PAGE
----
Pedagogical and political encounters in linguistically and culturally diverse primary c... - 0 views

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    "Comparative research in multilingual urban primary schools indicates that the pedagogical and political goals of schooling may operate at cross-purposes. Classroom observations and teacher interview-discussions were conducted in classes for immigrant children in Montreal, Quebec, Canada, where the language of instruction is French, and in classes in Pretoria, Gauteng Province, South Africa, where children from many different language backgrounds are taught in English. Two main themes emerged: (1) pedagogically, effective teacher-learner communication can break down when teachers are unaware of the roles that language and culture play in second language classrooms; (2) politically, efforts to assimilate learners into new socio-cultural/political contexts sometimes take precedence over sound pedagogical practice, such as drawing on the linguistic and cultural repertoire that learners bring to the classroom. This ongoing qualitative research underlines the importance of preparing pre-service and in-service teachers for the linguistic and cultural diversity they are bound to encounter in their classrooms, and of deepening their understanding of the influence of such diversity on the teaching-learning process."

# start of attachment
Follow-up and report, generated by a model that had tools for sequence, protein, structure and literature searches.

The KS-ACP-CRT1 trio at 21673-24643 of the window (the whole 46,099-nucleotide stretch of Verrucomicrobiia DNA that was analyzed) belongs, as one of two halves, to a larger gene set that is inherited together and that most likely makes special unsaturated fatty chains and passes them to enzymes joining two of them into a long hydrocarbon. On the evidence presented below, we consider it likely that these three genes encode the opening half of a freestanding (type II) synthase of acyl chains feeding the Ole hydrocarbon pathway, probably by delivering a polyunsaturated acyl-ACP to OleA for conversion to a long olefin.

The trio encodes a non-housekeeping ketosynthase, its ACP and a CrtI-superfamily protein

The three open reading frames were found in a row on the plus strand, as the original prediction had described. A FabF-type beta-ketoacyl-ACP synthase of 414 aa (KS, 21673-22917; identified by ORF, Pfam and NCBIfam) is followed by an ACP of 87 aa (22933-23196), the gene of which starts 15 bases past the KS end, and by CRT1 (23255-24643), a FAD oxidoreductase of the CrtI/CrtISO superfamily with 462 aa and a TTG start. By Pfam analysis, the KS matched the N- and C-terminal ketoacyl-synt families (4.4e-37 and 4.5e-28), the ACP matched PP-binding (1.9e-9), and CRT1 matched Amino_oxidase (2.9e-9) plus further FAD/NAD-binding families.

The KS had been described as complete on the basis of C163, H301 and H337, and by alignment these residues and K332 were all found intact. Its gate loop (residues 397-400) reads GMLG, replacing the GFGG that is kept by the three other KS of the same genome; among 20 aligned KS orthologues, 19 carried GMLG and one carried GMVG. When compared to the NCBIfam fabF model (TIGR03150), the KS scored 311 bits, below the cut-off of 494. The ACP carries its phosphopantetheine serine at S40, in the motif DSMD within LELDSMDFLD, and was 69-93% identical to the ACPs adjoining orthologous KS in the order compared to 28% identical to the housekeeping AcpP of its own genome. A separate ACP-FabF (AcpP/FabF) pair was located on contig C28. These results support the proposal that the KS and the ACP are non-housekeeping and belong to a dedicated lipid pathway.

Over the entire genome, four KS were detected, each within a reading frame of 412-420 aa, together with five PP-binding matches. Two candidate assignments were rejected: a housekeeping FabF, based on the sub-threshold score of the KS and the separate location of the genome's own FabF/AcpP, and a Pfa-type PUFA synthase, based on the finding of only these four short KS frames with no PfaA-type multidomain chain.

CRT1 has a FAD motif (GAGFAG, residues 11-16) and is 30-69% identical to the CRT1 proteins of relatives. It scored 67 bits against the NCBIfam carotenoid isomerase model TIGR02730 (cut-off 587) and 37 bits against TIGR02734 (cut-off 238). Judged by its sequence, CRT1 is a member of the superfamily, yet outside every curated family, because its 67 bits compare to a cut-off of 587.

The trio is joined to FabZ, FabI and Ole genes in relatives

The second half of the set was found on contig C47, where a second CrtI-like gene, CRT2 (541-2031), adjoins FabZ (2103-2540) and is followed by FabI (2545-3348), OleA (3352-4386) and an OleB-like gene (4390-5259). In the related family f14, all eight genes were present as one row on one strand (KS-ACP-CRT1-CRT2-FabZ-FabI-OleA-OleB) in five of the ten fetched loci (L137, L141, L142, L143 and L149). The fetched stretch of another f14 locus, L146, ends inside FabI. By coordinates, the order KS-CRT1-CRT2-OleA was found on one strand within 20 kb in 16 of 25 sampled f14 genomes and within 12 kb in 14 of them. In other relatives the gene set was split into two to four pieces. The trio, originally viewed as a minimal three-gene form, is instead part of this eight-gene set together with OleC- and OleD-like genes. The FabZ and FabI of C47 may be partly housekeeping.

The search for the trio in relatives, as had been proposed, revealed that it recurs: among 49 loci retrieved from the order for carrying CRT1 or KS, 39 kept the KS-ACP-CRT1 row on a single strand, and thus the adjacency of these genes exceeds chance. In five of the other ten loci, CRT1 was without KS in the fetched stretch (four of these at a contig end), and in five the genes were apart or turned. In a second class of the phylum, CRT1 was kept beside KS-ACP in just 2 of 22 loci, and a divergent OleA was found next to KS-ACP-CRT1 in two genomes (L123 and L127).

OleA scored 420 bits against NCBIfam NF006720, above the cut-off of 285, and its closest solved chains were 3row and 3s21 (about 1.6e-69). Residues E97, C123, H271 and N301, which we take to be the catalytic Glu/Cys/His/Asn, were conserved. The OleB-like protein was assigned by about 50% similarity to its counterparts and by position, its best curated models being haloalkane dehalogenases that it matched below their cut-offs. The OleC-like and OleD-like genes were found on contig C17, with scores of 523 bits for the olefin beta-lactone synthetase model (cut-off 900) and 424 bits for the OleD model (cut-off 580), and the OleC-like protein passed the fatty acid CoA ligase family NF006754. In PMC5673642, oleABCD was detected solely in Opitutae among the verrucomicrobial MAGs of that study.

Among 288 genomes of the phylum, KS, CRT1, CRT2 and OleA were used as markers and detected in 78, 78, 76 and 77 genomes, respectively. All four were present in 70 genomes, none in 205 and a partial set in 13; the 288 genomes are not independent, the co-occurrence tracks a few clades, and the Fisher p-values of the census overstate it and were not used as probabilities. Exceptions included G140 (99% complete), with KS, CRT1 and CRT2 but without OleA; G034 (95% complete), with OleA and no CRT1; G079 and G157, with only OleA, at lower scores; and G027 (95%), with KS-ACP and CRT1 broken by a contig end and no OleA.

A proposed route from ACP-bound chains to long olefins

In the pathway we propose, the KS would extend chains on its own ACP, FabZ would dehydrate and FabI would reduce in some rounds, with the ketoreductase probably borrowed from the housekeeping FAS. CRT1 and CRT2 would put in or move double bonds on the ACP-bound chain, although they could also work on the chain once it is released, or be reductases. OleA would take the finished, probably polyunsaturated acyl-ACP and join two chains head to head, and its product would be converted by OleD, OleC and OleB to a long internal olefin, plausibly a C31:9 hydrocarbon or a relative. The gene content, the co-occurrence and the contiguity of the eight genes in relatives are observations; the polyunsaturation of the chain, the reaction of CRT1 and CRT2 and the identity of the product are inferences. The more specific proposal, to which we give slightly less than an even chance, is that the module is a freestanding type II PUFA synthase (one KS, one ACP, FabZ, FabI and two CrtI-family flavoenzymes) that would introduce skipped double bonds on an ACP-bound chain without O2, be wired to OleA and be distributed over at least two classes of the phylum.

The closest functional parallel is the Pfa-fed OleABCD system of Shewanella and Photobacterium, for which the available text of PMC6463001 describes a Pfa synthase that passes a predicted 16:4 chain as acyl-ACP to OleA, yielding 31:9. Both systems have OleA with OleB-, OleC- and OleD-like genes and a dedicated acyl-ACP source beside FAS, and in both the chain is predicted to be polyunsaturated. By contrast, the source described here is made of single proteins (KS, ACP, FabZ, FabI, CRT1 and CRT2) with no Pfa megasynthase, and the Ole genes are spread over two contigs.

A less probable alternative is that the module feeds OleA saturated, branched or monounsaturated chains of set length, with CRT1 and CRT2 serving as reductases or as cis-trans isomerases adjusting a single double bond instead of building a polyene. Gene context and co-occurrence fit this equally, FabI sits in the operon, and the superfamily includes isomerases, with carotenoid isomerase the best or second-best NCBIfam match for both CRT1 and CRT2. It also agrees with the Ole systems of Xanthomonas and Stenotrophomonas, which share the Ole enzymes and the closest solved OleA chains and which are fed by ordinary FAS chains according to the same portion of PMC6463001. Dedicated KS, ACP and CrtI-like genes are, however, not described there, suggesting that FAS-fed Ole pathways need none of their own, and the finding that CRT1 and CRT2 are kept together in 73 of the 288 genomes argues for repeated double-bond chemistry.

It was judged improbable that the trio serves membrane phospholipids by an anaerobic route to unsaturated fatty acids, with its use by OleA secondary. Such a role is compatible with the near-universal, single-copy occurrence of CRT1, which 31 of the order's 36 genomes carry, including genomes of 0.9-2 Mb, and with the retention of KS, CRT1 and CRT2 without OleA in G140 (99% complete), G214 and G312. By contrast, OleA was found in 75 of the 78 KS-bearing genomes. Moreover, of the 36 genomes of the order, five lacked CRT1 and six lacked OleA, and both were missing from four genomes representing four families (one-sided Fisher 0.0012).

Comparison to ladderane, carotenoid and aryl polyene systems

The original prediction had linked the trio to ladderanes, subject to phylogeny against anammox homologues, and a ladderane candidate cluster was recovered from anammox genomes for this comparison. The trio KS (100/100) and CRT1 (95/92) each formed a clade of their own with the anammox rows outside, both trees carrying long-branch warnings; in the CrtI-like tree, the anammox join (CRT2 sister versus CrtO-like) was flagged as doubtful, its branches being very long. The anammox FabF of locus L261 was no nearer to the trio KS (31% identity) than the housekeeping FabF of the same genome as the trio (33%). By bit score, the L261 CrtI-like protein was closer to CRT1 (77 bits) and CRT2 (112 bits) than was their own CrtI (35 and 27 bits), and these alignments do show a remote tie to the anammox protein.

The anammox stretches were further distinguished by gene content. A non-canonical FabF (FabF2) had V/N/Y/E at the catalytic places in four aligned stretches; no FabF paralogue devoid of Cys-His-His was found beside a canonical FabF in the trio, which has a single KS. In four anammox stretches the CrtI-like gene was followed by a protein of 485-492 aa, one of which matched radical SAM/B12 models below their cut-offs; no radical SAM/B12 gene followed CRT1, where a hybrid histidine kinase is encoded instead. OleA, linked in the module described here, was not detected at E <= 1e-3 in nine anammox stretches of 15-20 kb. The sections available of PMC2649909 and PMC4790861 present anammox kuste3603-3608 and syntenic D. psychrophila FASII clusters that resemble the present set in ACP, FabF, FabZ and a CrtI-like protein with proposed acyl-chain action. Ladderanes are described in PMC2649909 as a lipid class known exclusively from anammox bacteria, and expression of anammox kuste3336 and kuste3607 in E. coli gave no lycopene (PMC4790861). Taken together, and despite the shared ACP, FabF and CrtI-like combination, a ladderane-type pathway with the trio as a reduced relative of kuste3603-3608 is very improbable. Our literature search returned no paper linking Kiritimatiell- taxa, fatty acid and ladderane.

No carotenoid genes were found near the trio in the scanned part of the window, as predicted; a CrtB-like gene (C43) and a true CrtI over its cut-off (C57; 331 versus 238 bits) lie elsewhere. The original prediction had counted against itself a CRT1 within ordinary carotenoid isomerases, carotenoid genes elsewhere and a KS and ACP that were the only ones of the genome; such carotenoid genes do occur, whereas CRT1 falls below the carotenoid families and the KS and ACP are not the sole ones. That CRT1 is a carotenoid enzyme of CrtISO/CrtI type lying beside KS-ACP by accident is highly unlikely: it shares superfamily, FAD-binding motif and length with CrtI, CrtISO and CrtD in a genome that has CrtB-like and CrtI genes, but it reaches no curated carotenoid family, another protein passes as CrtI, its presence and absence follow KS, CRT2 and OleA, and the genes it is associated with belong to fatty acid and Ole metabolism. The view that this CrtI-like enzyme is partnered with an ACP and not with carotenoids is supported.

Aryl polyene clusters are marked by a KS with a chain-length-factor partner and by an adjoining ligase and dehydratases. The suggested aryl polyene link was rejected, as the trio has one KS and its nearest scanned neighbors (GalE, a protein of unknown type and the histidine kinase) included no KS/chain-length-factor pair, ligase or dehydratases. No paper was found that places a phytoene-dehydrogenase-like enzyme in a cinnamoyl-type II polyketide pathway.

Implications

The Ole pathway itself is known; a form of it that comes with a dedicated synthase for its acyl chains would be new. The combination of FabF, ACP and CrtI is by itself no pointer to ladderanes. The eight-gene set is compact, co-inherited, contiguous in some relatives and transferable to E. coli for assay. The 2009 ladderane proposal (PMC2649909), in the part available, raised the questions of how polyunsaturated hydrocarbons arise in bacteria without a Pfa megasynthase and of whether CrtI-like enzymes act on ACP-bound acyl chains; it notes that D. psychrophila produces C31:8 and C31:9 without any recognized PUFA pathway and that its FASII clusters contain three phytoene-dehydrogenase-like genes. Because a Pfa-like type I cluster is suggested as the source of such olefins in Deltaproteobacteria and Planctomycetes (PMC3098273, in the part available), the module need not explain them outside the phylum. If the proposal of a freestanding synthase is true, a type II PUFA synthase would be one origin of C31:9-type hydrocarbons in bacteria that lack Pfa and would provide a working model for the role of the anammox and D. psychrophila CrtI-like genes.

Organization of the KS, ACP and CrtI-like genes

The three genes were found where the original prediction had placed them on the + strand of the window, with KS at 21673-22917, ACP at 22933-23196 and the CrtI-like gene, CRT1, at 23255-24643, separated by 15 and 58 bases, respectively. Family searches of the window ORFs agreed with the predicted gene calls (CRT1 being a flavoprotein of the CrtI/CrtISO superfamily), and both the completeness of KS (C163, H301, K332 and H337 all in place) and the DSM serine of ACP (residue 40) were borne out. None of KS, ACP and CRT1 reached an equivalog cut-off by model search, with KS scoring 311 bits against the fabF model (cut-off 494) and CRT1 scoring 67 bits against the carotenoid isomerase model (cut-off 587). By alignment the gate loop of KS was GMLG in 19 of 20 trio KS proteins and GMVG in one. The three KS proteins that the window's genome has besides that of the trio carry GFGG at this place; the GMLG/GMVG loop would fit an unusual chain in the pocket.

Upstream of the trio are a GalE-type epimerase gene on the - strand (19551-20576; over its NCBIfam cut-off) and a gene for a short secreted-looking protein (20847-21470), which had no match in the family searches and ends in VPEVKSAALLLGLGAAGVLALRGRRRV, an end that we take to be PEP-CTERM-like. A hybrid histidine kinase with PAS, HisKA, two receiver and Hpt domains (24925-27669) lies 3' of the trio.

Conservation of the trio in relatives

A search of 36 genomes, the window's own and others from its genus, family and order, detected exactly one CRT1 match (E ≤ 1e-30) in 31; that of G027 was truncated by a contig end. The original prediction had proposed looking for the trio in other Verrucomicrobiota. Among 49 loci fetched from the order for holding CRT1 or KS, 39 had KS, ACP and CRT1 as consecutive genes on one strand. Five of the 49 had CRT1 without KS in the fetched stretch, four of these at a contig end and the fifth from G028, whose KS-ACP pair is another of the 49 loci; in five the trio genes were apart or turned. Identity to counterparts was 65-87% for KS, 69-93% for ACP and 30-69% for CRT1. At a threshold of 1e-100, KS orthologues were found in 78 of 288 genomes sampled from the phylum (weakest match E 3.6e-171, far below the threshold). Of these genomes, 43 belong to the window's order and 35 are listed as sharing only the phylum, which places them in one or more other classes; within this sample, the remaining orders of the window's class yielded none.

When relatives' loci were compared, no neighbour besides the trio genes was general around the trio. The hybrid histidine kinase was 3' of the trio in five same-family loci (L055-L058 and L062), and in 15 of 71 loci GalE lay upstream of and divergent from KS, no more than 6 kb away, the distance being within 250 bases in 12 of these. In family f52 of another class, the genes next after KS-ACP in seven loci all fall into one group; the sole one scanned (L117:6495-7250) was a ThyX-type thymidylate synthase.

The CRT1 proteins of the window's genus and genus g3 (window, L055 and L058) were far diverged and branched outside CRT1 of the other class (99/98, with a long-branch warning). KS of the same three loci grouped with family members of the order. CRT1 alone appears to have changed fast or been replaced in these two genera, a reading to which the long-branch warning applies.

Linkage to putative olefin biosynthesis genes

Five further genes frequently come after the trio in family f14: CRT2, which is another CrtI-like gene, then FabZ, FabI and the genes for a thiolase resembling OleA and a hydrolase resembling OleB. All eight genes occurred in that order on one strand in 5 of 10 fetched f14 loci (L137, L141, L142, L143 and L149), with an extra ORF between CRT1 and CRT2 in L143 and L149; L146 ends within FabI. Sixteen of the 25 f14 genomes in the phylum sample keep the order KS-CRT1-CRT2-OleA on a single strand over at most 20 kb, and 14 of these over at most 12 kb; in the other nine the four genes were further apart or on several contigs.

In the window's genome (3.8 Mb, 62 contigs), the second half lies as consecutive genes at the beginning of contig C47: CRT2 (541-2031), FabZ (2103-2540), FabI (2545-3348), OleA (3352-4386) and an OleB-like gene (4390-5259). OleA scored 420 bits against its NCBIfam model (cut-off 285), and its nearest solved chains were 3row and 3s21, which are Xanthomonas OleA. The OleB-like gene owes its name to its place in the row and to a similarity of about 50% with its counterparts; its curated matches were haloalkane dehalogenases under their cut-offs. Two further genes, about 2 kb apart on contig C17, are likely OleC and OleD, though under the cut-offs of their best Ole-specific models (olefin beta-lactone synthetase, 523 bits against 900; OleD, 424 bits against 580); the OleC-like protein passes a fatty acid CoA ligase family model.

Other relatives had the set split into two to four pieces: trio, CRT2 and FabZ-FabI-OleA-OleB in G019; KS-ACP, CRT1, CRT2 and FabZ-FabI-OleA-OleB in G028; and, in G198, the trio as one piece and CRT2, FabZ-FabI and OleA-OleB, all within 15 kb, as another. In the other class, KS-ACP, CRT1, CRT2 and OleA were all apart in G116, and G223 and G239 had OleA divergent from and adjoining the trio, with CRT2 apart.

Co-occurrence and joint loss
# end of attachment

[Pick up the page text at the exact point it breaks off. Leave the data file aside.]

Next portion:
Bill Brydon

Social Justice and Varieties of Capitalism: An Immanent Critique - New Political Economy - - 0 views

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    "In assessing the various forms of welfare capitalism, normative political philosophy typically draws on two major philosophical traditions - republicanism and liberalism, invoking either equality and the public good or, alternatively, individual autonomy as normative criteria for evaluation. Drawing, instead, on Critical Theory as a tradition of social philosophy, I advance a proposal for assessment of the types of welfare capitalism conducted as 'immanent critique' of the key structural dynamics of contemporary capitalism. Normative criteria thus emerge within a diachronic dimension of social transformation, which in turn grounds the comparison among synchronic types of capitalism. This ultimately enables a research agenda for the operationalisation of a normative analysis of capitalism within which social justice is gauged by the degree of voluntary employment flexibility - a key factor in the distribution of life-chances in the early twenty-first century."
Bill Brydon

Addressing the intercultural via task-based language teaching: possibility or problem? ... - 0 views